We are to have NOTHING to do with them… avoid them. Not vote them in as president.
    I’m not happy about having no one to vote for, but I don’t have to answer to my government, I have to answer to my God. and when it comes down to it, I know I’m standing by godly standards by not waivering and putting my name (my vote) to promote the candidates you mention.

    It’s not over yet, and I’m praying there’s still a chance for this election. And I praise God that He cares for us, and will watch over us. He will not leave us nor forsake us. No matter who is in office. But please, I beg of you, do not use scripture in this false way. You did not give a scripture to support your “As followers of Jesus we should vote” stance. Please, I beg of you, be wise as you counsel your readers.
    God Bless.

    • Marvin Williams

      Stevie, I appreciate you taking time to reply and adding your voice here. Talking about politics can be an energized topic. The fact that we are having the conversation says that it is important to engage the topic.

      Now, I agree with you that there is not a verse in the Bible that prohibits voting or commands voting. However, the biblical principles in Matthew 22 and Romans 13 infer that we have a responsibility to respect and honor our government, unless we are forced to disobey God’s commands (Acts 5:29). If the government was forcing us to vote for a particular evil and ungodly candidate, then we should refuse to vote, seven days a week. I don’t think I was out of bounds or eisegeting those texts.

      I believe voting is a small way to honor and respect the system under which we live. I absolutely agree we should be biblical and wise as we elect political officials. I wrote about it in the second part of this brief series (Who Should I Vote For). I talk about judging candidates according to four filters: competency, integrity, morality and humility. These four filter (I am sure there are more) should give us a good handle on their character and how they will run the country on some very critical issues.

      We have the freedom to vote for or against candidates based on these biblical filters. Stevie, would you disagree with the idea that God has established human agencies for the government of people? Do you think that the act of voting itself conflicts with God’s laws/commands? I agree that voting for a candidate that does not make it through the biblical filters conflicts with God’s laws, and therefore, we should not vote for that person. This is the reason i spend time researching the candidates to see which one comes closest to the biblical filters.

      I appreciate your comments, Stevie. Thanks for visiting my blog and engaging. Blessings on you, friend.

  • While surfing Facebook today, I ran across a revealing post on Hillary Clinton’s inconsistent position on the hot social topics of our time (the video is at While I had no intention of voting for her, this video brought forward my dissatisfaction with the ALL the remaining presidential candidates into full Techni-color glory. I remembered you had posted something about this a while back, so I came back to analyze your stance.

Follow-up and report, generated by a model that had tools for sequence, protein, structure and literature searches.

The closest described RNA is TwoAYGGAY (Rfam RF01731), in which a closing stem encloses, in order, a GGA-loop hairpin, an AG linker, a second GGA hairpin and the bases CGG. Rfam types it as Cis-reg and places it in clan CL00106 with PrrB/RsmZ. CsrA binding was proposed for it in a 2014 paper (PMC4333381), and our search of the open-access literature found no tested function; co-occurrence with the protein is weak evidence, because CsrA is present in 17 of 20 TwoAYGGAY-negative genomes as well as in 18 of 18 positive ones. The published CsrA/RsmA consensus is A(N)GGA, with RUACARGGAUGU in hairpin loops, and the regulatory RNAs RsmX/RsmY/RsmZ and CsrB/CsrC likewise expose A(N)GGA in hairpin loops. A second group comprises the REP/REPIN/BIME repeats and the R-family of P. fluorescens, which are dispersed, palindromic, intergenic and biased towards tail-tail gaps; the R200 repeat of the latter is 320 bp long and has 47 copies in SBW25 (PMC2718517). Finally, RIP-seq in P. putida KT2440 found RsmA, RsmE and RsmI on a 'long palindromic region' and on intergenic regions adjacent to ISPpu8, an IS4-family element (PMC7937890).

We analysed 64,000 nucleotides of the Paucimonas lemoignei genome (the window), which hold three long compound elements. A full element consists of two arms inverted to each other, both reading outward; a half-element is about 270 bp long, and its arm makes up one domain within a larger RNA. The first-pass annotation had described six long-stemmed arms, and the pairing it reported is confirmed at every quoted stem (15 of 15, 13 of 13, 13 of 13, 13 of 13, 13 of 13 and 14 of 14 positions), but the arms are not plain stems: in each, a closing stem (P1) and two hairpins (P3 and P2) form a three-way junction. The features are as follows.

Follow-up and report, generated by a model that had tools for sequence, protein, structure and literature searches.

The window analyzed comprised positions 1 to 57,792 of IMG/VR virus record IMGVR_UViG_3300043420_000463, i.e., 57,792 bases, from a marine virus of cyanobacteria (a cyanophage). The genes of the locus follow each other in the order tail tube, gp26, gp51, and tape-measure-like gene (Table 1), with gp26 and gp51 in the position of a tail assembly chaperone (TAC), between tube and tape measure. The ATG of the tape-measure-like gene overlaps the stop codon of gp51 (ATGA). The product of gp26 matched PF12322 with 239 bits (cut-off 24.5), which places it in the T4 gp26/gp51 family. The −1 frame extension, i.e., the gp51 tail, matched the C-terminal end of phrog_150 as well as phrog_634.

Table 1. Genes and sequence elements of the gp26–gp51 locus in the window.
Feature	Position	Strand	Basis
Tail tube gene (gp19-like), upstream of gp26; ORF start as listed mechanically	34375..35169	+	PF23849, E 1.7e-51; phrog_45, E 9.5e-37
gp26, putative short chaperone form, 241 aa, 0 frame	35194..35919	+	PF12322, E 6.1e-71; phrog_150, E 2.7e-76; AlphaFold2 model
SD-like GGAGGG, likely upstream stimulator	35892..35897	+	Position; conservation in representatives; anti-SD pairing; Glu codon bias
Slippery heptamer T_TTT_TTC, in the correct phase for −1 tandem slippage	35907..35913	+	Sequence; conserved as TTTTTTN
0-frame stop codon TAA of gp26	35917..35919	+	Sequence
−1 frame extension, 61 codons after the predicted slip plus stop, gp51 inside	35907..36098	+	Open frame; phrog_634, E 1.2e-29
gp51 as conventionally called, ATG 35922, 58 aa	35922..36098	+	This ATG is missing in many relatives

While the guidance you offer here (and in part two) is solid, it still didn’t help me for THIS election, as I feel zero of the three remaining possibles are qualified, least of all the front-runners, Trump and Clinton. Normally, I would vote Rep, but this year I was really considering abstaining. Neither business acumen nor political chameleon superpowers are enough to make up for the gross lack of character and integrity we’re presented with this year.

    However, as I mentioned in my Facebook post on this topic, “the retort to that is, ‘Many have died to so we can have the freedom to vote as we want.’ Certainly abstaining is part of that freedom, but.. is it right? A quote against abstaining from the vote would be one commonly attributed to Einstein: ‘The world will not be destroyed by those who do evil, but by those who watch them without doing anything.'”

    Well, one of the folks who responded to that thread had probably one of the best suggestions I’ve heard. Her words: “At this point I feel my best option is to vote a write-in (namely : Ted Cruz)…still exercising my right to vote – and yet standing by my convictions. Maybe it won’t matter at this election – but who knows the influence it could have at the next if enough of us take a stand?”

    I had forgotten about the write-in option. I think that will be it for me. In the meantime, may God have mercy on our country. Like Israel before us, we are being judged and are being left to our iniquity. Hang onto your seats, recommit to sharing the Gospel, and pray for forgiveness.

    • Marvin Williams

      I hear you and understand your sentiments. When I look at the field of candidates, I have no affinity to any of them. I agree with you, writing in a candidate is a viable option. I think it is more important to wrestle with our values as we cast our vote. Am I casting a vote according to my values and the values of the candidates, or because I have always voted a certain way. I appreciate your stance and you sharing your voice here. This election is unlike anything I have ever seen and experienced. I am glad God is sovereign and is ultimately the one who controls our world. Again, thanks for adding your voice. I appreciate it.